• Learn three-note-per-string fingerings for the diatonic modes
• Connect scale fingerings over the entire fretboard
• Visualize common scale patterns and fingerings
We'll start by looking at the scale patterns of each mode, shown in Fig. 1. We want to make sure all of the fingers on our left hand are used, so for the most part we will have three notes on each string. As you progress and get faster it's ok to use whatever finger position you're most comfortable with higher up the neck, but at the beginning it's really important to stay with the correct finger positions and really give your hands a workout!
You have to learn each one of the scales for this to really make sense. Here, we're going to start with the Ionian (otherwise known as major) scale and work our way both down and up the neck. All of the examples here are in the key of C, so we don’t have any sharps of flats to worry about.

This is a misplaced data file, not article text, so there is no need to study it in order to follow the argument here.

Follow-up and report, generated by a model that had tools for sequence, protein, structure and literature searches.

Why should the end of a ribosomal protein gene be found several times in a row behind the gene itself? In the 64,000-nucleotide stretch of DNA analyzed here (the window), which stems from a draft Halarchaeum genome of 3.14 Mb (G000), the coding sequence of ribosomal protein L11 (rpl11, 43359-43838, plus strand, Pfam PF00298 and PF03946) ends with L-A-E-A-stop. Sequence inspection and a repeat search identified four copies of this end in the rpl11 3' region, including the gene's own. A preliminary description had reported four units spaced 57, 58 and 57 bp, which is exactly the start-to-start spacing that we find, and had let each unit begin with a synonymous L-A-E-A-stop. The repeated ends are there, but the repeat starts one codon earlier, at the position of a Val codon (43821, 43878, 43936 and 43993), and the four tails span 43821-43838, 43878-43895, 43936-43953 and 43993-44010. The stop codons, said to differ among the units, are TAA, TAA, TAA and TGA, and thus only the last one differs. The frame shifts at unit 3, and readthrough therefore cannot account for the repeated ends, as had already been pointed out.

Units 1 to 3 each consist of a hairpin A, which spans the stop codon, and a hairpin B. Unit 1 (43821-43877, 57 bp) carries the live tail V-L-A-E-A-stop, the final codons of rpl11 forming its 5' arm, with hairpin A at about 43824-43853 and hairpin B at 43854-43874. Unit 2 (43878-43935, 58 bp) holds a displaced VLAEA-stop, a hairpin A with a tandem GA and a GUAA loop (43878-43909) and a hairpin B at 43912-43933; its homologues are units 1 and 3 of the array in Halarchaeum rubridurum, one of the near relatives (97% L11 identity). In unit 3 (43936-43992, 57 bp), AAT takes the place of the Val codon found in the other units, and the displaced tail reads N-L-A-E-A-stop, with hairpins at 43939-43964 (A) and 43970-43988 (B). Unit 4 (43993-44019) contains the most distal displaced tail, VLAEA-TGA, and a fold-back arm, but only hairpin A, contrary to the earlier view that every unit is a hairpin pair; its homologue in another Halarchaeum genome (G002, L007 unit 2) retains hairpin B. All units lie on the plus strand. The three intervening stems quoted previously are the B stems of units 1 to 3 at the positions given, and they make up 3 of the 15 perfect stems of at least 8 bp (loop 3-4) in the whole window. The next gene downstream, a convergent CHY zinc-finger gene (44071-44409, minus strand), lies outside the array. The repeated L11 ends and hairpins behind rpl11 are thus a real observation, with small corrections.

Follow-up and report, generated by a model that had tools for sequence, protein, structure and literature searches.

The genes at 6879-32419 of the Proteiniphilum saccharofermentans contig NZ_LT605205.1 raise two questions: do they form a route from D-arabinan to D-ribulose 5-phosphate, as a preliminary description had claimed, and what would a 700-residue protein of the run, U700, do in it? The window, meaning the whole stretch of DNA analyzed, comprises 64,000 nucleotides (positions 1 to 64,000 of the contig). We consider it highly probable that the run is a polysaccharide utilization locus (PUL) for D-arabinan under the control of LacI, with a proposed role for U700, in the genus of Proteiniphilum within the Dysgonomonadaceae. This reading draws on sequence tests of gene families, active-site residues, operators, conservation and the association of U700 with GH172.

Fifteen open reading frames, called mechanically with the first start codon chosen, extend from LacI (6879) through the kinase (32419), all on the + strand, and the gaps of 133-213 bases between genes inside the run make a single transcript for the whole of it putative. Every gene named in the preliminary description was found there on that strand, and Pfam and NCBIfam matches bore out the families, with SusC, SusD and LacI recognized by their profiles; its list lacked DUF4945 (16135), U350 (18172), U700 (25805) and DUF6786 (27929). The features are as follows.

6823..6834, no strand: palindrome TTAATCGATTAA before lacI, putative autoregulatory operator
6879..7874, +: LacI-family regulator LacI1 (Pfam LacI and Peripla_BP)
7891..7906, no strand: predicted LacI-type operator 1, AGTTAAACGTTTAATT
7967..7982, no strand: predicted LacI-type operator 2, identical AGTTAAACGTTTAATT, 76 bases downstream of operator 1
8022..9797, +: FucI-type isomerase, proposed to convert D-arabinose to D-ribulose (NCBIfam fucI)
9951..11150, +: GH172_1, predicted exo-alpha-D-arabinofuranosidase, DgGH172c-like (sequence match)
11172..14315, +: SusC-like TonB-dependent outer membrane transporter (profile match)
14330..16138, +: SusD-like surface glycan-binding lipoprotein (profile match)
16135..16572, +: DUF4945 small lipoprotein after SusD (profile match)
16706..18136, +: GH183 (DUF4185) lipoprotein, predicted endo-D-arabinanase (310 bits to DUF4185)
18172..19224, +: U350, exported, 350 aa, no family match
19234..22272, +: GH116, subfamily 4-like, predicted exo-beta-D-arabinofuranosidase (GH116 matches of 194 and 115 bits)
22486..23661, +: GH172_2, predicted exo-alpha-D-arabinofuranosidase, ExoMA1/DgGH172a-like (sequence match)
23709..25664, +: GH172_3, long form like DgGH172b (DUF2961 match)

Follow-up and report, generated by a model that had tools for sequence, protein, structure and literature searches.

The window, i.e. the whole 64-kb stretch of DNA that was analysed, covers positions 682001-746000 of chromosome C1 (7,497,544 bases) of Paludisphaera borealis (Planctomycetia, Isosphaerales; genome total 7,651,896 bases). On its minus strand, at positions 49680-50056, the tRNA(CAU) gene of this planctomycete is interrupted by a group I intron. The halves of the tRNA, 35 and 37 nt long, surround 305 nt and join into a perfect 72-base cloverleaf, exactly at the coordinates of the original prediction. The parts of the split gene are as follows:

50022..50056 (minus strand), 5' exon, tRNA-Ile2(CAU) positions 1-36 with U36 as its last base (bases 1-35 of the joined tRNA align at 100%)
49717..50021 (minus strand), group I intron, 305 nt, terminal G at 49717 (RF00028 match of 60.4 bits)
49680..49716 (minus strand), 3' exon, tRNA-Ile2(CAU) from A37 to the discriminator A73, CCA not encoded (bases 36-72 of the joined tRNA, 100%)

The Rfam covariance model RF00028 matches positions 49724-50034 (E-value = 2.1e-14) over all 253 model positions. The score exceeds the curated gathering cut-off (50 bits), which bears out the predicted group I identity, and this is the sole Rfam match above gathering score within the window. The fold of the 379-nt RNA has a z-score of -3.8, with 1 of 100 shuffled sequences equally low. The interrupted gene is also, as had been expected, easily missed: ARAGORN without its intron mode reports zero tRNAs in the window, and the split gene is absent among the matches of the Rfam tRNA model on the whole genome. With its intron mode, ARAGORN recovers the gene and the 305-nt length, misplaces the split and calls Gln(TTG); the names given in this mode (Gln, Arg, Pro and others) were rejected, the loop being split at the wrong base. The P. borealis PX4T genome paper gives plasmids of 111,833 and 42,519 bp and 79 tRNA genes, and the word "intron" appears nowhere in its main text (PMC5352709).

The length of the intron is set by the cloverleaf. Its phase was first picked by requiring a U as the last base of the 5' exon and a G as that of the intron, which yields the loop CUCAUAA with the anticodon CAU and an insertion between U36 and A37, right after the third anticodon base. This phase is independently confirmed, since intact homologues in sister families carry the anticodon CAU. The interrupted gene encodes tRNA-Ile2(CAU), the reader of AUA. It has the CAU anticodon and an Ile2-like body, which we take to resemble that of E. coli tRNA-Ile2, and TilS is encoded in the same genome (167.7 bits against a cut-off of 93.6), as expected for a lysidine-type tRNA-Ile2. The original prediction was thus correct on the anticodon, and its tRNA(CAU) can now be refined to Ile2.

When you play, the most important thing is to look at the fretboard! Of course we like to play by feel but this is first and foremost a visualization exercise. First, you want to play through each fingering very slowly and use alternate picking. Also, mix things up by breaking the patterns into two- and three-string groupings.
Repeat this process for the other diatonic fingerings. In Fig. 2 you can see how the patterns connect over the entire fretboard. Pay attention to how each pattern relates to each other and shares the same notes on the fretboard. We want to be able to visualize how they are connected to each other.
Once you have done this, do the same thing starting on the 3rd fret with G major scale and going to A Dorian, B Phrygian, C Lydian, and so forth. If you got a hang of this easily, you can try them out in all different keys. Soon you will see how the solos you have already begun to learn fit into these.
Next month we'll take a look at how to seamlessly transition from one mode to another to start to break out of the box!